Lineage tracing reveals the cellular basis of early metastasis in oesophageal squamous carcinoma


Session type:

Julia Frede1, Philip Greulich2, Benjamin Simons2, Maria Alcolea1, Philip Jones1
1MRC Cancer Cell Unit, Cambridge, UK, 2University of Cambridge, Cambridge, UK


Oesophageal squamous cell carcinoma has a poor prognosis and is characterised by early invasion and metastasis. Here we apply large scale genetic lineage tracing and statistical physics to resolve cell behaviour in a new model of oesophageal cancer development in transgenic mice.


To generate tumours, we used Sorafenib, a multikinase inhibitor that causes cutaneous squamous cell carcinoma (SCC) as a side effectin cancer patients. Mice carrying a conditional fluorescent protein reporter allele and an inducible form of cre recombinase were treated with a low dose of the cigarette derived carcinogen, diethlynitrosamine (DEN), followed by Sorafenib or vehicle control. Cells were then genetically labelled1. We applied statistical physics to resolve cell behaviour from the clone size distributions.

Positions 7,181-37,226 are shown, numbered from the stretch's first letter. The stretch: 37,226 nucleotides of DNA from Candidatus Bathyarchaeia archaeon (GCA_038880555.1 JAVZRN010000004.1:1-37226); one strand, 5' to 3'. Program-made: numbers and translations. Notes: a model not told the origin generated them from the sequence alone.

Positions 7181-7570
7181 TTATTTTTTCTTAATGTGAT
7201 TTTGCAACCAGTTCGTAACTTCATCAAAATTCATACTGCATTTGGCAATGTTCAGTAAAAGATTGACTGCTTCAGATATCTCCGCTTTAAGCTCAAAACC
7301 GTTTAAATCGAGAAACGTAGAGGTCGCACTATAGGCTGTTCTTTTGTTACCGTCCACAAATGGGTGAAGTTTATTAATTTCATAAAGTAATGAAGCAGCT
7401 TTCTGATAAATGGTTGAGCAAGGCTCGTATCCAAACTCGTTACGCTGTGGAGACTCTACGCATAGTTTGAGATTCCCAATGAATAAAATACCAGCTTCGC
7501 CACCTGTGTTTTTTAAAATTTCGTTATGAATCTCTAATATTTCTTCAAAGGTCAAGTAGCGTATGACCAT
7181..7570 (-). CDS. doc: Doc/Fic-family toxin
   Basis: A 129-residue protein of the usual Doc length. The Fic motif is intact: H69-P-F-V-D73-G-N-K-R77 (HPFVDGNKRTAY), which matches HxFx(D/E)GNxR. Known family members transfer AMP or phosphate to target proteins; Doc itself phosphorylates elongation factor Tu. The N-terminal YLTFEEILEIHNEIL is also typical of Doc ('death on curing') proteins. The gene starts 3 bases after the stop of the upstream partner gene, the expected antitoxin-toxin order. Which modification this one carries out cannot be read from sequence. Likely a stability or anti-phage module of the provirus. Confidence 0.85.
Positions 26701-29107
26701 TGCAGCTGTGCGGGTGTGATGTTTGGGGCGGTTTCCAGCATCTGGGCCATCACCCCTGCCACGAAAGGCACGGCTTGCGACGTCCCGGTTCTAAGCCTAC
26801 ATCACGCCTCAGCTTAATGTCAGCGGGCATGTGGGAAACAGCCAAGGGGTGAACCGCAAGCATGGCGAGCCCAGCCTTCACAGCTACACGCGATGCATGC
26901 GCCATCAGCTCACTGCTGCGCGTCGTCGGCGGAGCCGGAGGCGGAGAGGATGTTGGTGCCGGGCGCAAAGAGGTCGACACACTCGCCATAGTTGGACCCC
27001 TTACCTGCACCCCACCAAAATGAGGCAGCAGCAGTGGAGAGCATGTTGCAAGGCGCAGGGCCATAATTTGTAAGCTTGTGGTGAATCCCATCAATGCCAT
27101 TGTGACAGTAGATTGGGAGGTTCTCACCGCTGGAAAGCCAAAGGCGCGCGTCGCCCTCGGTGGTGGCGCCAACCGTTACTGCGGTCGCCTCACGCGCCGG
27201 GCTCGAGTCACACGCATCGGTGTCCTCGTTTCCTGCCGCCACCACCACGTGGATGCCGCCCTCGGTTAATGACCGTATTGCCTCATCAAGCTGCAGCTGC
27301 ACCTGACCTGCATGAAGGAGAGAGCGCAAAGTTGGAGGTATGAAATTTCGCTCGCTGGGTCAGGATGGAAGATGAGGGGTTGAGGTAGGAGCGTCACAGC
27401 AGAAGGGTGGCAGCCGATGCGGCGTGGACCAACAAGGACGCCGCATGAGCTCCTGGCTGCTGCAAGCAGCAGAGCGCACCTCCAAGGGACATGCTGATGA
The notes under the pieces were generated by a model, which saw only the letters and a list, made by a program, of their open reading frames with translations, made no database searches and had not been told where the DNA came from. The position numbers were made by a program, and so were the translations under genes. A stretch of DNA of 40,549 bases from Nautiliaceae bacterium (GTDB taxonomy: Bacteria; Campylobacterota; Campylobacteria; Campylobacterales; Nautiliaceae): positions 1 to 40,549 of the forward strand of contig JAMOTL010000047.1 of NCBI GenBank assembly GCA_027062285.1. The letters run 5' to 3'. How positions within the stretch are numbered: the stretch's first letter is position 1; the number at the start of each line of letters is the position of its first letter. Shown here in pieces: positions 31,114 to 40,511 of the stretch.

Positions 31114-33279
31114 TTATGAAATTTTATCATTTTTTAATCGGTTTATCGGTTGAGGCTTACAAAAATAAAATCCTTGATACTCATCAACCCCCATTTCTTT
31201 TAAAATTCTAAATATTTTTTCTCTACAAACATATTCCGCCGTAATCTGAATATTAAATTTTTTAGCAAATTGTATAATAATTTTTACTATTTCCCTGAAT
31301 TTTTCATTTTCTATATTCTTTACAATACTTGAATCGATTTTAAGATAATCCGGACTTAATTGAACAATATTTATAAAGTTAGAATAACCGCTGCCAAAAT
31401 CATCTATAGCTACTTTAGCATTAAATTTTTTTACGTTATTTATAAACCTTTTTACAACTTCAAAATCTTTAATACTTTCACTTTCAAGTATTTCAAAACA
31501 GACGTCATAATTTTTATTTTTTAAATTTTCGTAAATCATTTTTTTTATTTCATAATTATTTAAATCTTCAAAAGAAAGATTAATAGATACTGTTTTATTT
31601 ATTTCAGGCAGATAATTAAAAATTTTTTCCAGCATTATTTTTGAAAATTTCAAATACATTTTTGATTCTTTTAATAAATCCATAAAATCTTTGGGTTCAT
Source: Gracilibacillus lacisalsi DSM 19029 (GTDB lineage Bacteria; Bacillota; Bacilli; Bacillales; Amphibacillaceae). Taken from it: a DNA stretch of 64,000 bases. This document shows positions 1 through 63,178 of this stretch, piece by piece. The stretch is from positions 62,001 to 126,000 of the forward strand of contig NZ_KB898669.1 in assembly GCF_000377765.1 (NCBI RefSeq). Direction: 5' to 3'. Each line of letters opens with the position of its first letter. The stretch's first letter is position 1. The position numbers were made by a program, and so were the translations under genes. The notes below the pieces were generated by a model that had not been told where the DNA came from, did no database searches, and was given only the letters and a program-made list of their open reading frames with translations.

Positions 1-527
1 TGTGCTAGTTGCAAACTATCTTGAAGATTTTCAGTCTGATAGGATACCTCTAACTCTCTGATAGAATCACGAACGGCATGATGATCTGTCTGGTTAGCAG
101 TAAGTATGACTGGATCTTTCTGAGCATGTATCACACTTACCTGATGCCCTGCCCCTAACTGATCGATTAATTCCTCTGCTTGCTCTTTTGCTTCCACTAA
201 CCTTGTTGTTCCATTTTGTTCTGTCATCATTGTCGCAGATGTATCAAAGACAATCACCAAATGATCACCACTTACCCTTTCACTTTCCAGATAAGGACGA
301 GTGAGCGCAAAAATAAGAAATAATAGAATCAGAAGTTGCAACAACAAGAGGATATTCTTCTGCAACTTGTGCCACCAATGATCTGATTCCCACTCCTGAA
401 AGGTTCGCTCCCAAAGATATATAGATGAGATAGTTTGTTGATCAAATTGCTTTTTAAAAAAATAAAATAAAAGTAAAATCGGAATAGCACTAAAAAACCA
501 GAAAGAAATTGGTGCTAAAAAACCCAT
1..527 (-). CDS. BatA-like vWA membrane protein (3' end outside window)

Treatment with Sorafenib alone produces dramatic increases in normal oesophageal progenitor cell division and stratification rates, but did not alter the normal balanced production of proliferating and differentiating cells by oesophageal progenitors. In combination with DEN, however, Sorafenib produces multiple tumours, whereas none are seen in DEN + vehicle controls. The lesions appear intraepithelial by conventional histology, but confocal imaging reveals stromal inflammation, associated with Stat3 phosphorylation, angiogenesis and lymphangiogenesis, all features of invasive oesophageal SCC. Lineage tracing within tumours reveals a dramatic change in cell dynamics. The lesions grow through a combination of increased proliferation, generating cells at double the rate of uninvolved epithelium, and a block in cell shedding leading to the accumulation of differentiating cells. Remarkably, genetically labelled keratinocytes are seen undergoing epithelial-mesenchymal transition, invading the stroma and entering blood and lymph vessels.


Lymphovascular intravasation occurs fromsquamous tumourswhich areintraepithelial by conventional histology and have marked effects on the underlying stroma usually associated with invasive lesions. These findings explain the early metastasis of oesophageal SCC and validate a new model to test therapeutic interventions.